Over the course of four weeks, members of the community will be sharing their story. These stories are about individuals and their experience with cancer or loss. They are the reason the Lowell community comes together for the Pink Arrow Football Game. Each story is written by the person you will read about or by someone on their behalf unless otherwise noted. We thank them for sharing their story and courage.
Photos courtesy of Heather Eveland and are used with permission. Heather donates her time to get to know those she is photographing and capture an image to be used with each story. You can visit her photography website and Facebook page for more information about her work.
Heather is also the volunteer coordinator for Pink Arrow events. If you are interested in helping out at Fans in the Stands selling t-shirts, Community Day (Friday, Aug. 23) or game day (Friday, Sept. 13) please contact her by calling 616-291-8907 or send an email to [email protected] Heather will let you or your group know what help is needed and determine the best fit.
The following story is about Becky Cone written by her.
My name is Becky. My support system consists of my mom, two grown children, an awesome daughter in law, and two wonderful grandsons that are the lights of my life. Over the past decade I have been diagnosed with several medical conditions that have made everyday life a struggle and by early 2017 my weight had climbed. I was sent to a lung specialist who told me I would die within the year if I didn’t get the weight off. This scared me enough that I began investigating bariatric surgery. In September of 2017 I had gastric sleeve surgery and that, along with a good eating program and consistent workouts helped me lose 130 lbs. I was feeling better and even though my medical conditions would not go away, I looked forward to possibly having less severe symptoms.
On August 3, 2018 I was getting ready to go away for the weekend to attend my 40th class reunion. While I was showering, I found a fairly large lump under my left arm. I was scared. I hadn’t had a mammogram for over 3 years (I kept telling myself that I didn’t have time) so I called to schedule one as soon as I could. They told me that since I had found a lump, I would need a diagnostic mammogram and that would have to be ordered by my physician. I called her office and they scheduled me for a visit on Monday. Over the weekend I reminded myself that there was nothing I could do until Monday and I had an enjoyable visit with fellow classmates, some of whom I hadn’t seen since graduation.
On Monday August 6, 2018 I saw my doctor. She ordered a mammogram “just in case” which was done that same day. The next day I received a call asking me to be at the cancer center that afternoon for another, more extensive mammogram and an ultrasound. During the next few weeks I had a total of 7 mammograms, 4 ultrasounds, and 5 biopsies. On September 7th I had a bilateral breast MRI and three days later, as I was sitting next to a gas pump somewhere in Ohio on my vacation, I received a call. They had found many more spots (in addition to the spots that had already been diagnosed as cancerous), but said that they couldn’t biopsy them all so they would do the lumpectomy on the areas of diagnosed cancer. This wasn’t good enough for me. I couldn’t go on wondering if they had missed something so since they had found cancer on both sides I opted for a bilateral mastectomy with reconstruction. I was scheduled for another consult with my surgeon and proceeded to try to enjoy my vacation.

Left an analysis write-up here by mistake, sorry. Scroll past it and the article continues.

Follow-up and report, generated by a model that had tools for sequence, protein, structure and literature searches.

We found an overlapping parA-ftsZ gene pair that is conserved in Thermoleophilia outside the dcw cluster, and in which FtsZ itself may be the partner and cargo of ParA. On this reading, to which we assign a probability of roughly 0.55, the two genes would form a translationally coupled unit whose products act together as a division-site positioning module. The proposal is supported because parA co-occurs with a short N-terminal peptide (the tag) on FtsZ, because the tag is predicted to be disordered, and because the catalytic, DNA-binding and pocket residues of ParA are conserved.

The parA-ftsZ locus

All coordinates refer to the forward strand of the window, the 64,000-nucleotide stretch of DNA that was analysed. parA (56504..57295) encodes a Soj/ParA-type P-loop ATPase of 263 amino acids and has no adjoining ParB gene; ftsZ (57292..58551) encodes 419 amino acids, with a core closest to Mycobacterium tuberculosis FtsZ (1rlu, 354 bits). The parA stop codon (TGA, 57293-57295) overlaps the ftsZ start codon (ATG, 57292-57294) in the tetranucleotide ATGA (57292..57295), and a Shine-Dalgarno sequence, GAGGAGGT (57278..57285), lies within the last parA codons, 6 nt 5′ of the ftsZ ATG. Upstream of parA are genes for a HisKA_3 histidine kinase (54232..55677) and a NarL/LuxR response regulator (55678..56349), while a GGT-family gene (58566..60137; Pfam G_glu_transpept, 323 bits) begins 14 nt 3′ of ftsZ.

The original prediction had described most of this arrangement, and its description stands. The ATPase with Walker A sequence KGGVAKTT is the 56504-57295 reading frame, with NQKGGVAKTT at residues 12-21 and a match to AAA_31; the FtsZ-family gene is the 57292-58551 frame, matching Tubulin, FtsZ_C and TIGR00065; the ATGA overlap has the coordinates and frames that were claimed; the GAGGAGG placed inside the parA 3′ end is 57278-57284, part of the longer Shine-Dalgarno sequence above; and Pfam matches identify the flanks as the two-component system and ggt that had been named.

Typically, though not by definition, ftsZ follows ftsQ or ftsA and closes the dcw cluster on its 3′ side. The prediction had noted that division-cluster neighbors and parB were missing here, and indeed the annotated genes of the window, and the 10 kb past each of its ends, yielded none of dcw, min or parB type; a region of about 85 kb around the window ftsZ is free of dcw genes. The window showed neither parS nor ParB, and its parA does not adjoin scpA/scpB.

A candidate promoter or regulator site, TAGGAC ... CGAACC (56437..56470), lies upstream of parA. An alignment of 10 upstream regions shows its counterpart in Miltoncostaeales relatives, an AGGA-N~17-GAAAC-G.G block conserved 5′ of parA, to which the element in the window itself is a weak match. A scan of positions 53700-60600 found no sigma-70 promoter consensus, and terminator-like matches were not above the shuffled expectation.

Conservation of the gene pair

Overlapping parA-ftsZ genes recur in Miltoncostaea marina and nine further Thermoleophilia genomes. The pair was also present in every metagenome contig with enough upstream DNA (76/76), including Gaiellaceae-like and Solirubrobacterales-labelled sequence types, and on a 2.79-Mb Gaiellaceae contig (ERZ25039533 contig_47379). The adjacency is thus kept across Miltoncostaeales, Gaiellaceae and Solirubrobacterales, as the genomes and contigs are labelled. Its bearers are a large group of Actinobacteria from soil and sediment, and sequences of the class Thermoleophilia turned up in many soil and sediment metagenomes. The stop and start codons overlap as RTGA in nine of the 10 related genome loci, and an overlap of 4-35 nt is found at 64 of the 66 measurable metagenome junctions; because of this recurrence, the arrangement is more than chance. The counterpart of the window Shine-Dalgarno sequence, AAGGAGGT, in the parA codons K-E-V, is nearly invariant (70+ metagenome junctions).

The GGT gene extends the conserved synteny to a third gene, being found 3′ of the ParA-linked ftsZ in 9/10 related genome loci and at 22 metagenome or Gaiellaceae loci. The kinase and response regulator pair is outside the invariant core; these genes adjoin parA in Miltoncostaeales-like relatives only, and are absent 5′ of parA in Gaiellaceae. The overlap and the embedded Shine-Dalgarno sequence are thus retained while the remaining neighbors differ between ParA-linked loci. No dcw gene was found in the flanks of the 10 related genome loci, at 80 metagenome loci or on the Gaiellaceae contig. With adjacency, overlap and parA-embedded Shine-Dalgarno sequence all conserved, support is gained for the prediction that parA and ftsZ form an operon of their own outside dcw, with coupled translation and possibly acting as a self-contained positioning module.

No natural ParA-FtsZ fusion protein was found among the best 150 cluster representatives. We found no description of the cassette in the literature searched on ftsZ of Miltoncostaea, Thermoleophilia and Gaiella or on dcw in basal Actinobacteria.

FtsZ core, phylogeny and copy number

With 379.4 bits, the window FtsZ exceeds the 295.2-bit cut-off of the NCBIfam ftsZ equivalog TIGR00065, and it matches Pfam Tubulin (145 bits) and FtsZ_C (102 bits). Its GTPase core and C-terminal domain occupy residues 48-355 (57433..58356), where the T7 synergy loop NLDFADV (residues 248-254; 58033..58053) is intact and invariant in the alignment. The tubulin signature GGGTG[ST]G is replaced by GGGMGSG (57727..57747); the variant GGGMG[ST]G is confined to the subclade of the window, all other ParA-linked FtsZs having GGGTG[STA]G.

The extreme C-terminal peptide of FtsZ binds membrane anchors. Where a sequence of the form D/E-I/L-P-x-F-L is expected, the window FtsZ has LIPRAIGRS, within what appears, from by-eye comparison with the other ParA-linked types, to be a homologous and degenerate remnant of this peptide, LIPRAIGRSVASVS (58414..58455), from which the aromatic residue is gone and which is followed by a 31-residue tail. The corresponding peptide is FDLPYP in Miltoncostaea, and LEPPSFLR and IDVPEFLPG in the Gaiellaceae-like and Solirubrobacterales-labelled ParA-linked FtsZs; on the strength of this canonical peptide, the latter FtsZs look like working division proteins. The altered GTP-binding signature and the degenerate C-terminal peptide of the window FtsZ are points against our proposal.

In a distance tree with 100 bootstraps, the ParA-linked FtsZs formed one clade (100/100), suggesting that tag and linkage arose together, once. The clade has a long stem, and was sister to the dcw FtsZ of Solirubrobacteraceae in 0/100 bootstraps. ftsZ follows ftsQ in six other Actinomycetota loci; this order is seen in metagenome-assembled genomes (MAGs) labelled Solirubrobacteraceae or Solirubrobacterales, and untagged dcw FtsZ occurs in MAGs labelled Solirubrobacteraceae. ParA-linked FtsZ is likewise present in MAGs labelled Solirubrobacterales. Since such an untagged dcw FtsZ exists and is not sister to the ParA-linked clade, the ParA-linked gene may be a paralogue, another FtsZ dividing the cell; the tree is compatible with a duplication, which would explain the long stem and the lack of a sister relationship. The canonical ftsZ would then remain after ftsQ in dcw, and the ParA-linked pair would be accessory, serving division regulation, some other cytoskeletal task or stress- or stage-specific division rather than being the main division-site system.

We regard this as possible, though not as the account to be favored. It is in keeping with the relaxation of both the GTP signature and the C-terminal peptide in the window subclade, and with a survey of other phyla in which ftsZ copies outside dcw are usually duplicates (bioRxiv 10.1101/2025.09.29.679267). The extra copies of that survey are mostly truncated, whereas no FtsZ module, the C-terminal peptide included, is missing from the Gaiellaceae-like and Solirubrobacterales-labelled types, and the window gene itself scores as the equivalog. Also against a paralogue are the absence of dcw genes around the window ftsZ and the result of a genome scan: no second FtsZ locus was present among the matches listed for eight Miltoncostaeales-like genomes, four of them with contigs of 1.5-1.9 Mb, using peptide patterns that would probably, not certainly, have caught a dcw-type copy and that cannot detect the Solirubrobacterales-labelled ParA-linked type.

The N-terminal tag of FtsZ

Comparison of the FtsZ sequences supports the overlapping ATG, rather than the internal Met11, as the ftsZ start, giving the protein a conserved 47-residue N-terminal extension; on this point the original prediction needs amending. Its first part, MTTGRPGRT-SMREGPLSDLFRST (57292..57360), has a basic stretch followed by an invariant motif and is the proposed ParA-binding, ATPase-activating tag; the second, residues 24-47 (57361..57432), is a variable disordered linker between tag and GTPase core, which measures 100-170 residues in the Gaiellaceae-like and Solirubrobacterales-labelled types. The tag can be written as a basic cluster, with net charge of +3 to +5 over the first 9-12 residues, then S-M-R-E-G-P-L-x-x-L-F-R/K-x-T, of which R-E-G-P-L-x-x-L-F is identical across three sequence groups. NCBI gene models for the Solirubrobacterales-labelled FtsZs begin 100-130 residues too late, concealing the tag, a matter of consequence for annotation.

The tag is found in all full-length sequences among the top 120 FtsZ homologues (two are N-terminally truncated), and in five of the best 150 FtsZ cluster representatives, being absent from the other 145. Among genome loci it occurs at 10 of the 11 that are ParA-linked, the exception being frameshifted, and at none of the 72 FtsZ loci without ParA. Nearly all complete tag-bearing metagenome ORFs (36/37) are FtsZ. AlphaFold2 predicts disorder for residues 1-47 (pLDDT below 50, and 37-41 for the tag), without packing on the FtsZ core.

On the first Tuesday of October I attended my first meeting at Gilda’s of Lowell. They made me feel welcome and the ladies tried to answer all of my questions and to calm some of my fears. During the months to follow they supported me through my 4 surgeries and there have been many times that I have turned to them for information, or more importantly, comfort and understanding. Sometimes you just need to talk to people who truly understand what you’re going through and that can’t happen unless they’ve experienced it themselves. I feel truly honored to be among these people and hope that I can someday help someone else through this journey the same way they have helped me.
As I said, I’ve had 4 surgeries. The first was my bilateral mastectomy on October 26, 2018 and I have 3-4 to go before my reconstruction is complete. There have been days that I ask myself “What have I done to myself?”, but mostly I just thank God that I’m still alive. The pathology after my mastectomy showed good margins and the 4 lymph nodes they took were negative for cancer so I didn’t have to go through radiation or chemotherapy. The lump that I found when all of this started was found to be a sebaceous cyst. They said that is should be surgically removed, but prior to my first surgery it disappeared. It was almost as if it was there to scare me and once I went into action it’s work was done so it went away.
My life has been changed forever. Because of this, I live my life as full as possible. I cherish the hugs and snuggles from my grandsons, I value the time spent with my family and friends, and I live in awe of God’s wonders.
Wade Publishing, who also creates the Local Saver, will be putting together all of the 2019 Perseverance Stories into one publication which will be mailed out to the community in August. Thanks to the following businesses!
Bernards Ace Hardware
Snow Avenue Greenhouse
Great Lake Paving
Arctic Inc. Heating & Cooling
Main St BBQ
Lowell’s First Look